University of Toronto
2 min

The troublesome terms

Those troublesome terms of reference for Justice Iacobucci were the talk of the Hill, and Bob Rae kicked off Question Period by asking after them. (Michael Ignatieff is not on the Hill this week – he’s off consulting with Canadians). John Baird was the designated spokesminister for the government and gave the usual platitudes about just how great Iacobucci is. Ujjal Dosanjh followed up, pointing out that Iacobucci is now just another lawyer hired by a government, rather than being given the mandate to conduct a full public inquiry. The Bloc’s Claude Bachand and the NDP’s Jack Harris also asked after this issue later in QP.

(Incidentally, the CBC’s Kady O’Malley takes a deeper look into Justice Iacobucci’s terms of reference and finds even more hidden Orwellian goodies inside.)

Gilles Duceppe was busy pointing out that the government used to be in favour of deregulating the banks, while Lawrence Cannon talked up how great the budget was. Jack Layton asked about job figures in the manufacturing sector, while John Baird responded by… talking up how great the budget was – and ooh, they’re “focused like a laser.” Well, then. I’m really confident now.

The Liberals’ Kirsty Duncan asked after food safety, the Bloc’s Serge Ménard asked after tough-on-crime sentences and that ignored research (Rob Nicholson changed the topic by accusing the Bloc of supporting child trafficking). Anita Neville quoted air transportation safety regulations that Helena Guergis broke during her Charlottetown meltdown, along with the number of prominent Conservatives denouncing her. John Baird reiterated that her “sincere apology” should be enough. John McCallum implored the government to tell the truth, that they are indeed raising taxes on things like air travel, income trusts and EI premiums – to which Ted Menzies claimed it was the Liberals who would raise taxes.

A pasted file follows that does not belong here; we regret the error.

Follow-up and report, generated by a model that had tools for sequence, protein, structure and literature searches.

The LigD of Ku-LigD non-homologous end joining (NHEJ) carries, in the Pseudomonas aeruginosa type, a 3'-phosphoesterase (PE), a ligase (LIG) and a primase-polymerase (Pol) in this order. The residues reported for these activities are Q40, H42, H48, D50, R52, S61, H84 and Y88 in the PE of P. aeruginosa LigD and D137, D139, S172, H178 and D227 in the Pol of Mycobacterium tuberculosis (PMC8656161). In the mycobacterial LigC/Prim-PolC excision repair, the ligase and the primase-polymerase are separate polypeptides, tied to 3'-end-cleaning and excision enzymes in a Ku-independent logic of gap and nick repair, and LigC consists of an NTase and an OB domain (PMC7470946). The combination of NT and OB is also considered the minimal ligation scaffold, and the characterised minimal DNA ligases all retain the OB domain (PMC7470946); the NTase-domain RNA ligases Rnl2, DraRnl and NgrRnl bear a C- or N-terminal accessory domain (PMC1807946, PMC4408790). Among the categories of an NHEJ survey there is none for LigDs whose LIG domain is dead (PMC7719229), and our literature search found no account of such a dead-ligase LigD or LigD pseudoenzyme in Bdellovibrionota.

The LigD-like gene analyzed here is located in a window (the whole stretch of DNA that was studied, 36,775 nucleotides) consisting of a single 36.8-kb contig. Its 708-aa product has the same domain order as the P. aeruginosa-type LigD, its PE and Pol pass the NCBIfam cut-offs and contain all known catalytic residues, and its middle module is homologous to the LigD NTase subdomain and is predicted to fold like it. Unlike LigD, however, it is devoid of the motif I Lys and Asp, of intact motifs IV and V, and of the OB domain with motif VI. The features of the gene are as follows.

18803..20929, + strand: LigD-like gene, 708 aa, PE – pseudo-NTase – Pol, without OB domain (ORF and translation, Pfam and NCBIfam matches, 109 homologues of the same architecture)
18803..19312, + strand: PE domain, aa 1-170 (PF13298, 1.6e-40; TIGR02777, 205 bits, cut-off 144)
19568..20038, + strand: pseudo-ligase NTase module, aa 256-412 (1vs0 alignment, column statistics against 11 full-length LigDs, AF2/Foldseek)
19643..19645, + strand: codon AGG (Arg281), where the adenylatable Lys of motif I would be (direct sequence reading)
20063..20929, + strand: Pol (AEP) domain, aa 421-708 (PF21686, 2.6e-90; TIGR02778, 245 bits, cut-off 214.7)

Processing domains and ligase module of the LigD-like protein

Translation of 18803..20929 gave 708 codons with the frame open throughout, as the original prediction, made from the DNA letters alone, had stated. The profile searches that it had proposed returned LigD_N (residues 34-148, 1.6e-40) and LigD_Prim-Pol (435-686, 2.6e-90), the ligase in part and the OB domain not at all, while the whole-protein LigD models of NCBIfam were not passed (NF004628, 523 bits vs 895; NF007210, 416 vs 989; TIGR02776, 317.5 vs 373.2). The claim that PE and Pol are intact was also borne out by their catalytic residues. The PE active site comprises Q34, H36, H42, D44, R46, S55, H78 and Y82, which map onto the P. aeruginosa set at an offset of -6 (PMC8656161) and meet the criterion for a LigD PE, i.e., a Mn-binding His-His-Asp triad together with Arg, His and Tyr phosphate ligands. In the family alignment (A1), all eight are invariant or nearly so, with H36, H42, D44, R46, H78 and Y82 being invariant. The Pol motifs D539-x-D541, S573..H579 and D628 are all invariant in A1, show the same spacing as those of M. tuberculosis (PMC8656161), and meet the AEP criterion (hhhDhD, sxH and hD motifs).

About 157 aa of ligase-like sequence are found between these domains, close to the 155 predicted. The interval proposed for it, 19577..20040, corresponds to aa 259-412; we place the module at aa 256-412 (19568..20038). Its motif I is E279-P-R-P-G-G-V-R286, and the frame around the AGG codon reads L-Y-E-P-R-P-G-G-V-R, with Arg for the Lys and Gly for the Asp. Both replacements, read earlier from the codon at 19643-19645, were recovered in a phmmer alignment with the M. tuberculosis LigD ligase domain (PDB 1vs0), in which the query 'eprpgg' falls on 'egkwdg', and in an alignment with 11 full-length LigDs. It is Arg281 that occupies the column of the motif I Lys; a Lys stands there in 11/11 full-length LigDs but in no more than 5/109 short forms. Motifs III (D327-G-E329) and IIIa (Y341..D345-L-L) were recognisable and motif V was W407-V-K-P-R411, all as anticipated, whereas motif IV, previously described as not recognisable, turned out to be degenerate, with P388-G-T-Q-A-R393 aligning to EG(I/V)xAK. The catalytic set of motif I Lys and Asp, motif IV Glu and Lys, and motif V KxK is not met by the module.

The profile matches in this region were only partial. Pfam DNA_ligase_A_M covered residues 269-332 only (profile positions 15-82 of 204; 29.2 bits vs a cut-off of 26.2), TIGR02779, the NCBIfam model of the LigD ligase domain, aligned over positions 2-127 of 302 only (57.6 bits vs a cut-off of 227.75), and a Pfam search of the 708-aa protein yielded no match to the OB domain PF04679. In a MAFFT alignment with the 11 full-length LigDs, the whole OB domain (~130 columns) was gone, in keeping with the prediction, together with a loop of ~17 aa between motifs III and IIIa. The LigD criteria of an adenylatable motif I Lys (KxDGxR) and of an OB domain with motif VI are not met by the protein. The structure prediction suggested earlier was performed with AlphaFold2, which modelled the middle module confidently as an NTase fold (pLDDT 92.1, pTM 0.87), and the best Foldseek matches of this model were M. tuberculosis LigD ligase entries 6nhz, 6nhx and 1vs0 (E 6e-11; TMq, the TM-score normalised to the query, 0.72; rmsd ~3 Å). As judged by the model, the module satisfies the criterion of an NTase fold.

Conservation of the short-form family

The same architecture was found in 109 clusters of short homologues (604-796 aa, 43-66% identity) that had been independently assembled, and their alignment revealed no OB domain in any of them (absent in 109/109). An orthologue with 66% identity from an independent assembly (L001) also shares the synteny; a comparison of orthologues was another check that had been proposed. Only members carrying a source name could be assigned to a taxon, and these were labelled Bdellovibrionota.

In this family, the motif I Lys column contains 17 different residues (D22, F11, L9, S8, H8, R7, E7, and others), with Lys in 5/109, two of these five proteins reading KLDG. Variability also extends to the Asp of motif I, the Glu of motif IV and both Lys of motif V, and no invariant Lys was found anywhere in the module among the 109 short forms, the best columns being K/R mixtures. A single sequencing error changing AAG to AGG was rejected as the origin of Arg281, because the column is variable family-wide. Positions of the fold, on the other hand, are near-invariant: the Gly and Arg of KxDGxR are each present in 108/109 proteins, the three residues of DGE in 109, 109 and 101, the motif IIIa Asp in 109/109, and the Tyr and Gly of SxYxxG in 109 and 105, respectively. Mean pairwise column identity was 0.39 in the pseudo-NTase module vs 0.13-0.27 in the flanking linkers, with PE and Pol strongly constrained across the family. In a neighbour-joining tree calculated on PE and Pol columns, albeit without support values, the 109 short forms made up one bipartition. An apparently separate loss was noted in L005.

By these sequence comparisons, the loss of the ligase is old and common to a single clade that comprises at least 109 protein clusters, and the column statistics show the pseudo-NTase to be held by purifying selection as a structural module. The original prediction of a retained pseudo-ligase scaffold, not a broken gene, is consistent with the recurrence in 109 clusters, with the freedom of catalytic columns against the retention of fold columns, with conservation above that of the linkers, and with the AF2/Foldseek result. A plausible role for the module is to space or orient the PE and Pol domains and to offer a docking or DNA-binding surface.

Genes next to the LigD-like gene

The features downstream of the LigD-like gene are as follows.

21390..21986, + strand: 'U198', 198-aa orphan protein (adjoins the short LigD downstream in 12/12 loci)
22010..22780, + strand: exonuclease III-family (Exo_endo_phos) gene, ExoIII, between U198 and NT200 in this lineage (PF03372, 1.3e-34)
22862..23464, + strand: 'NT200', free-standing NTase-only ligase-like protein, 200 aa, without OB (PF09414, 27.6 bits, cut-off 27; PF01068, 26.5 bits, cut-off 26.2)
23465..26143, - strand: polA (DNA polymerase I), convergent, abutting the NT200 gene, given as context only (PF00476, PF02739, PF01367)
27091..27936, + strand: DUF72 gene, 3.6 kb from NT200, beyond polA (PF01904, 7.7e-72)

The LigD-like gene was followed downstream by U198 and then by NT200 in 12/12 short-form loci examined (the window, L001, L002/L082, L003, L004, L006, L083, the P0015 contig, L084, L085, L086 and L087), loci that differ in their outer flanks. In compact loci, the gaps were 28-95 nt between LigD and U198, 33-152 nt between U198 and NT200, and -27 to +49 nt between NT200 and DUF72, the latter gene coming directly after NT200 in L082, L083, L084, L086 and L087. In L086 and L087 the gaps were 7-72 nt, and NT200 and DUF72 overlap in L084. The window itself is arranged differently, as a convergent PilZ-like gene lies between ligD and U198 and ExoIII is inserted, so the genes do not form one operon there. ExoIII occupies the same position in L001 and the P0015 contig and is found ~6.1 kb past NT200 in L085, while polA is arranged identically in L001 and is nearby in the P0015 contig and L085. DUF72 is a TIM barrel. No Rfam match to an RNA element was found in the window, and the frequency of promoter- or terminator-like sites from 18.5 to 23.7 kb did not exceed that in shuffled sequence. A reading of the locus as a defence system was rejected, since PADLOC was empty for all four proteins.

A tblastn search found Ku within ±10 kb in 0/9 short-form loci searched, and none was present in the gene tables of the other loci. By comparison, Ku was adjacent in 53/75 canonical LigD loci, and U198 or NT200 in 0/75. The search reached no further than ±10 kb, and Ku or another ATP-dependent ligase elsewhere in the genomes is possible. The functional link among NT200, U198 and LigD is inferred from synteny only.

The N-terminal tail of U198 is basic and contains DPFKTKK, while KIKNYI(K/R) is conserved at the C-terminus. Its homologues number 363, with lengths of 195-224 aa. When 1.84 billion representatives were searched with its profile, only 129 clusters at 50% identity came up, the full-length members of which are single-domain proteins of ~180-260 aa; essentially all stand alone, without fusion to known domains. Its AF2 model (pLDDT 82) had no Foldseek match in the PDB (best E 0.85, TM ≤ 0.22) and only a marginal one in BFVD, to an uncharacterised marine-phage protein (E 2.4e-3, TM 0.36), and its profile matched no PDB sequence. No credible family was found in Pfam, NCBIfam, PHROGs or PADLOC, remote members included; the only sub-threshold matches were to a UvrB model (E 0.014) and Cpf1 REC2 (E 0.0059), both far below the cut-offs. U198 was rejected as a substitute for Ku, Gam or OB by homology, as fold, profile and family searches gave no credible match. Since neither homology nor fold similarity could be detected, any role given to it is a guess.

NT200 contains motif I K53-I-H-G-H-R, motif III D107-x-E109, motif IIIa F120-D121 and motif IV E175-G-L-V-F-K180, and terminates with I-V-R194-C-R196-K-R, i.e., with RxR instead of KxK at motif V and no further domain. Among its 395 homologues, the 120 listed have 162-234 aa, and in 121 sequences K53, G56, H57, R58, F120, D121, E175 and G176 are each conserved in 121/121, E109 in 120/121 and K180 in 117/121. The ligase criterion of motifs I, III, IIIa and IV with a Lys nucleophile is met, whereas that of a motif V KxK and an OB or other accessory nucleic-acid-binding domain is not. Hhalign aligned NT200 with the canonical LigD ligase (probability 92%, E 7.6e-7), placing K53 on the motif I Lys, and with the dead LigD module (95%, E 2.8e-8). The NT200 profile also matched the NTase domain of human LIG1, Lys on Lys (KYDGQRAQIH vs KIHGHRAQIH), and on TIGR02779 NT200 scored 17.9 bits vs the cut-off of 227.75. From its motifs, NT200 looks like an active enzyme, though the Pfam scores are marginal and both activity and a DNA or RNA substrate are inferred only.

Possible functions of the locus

Roger Cuzner asked after the cuts made to internet access to those who don’t have regular access. Gary Goodyear said the Liberals tried to shut it down first, and that 80 percent of Canadians have internet at home – which isn’t the point. Considering the sheer volume of services moving online these days, this should be a warning sign about cutting off access to necessary services for these people.

Sartorial snaps go out to Martha Hall Findlay for her fitted black dress with the scoop neck and the fabric gathers. I was impressed. I also liked Lisa Raitt’s blue-collared shirt under a black leather jacket. On the style citation side, Brian Jean needs a haircut. Badly. Dear James Moore: take your jackets to a tailor. You are not wearing a sack. Thanks!

The Green Party is raising the issue of newspaper ownership in Canada, with the sale of the CanWest chain in the offing and the apparent rejection of the creditors to allow the breakup of the empire. The Greens are pointing out the demise of the local newspaper in this country and its deleterious effect on democracy – and they’re right. At least one party is recognizing this fact. (Meanwhile, it sounds like free news content online is dead for mainstream outlets. It will be interesting to see how the industry continues to evolve).

Up today – Michael Ignatieff continues his town-hall tour, this time talking Aboriginal issues in Winnipeg.
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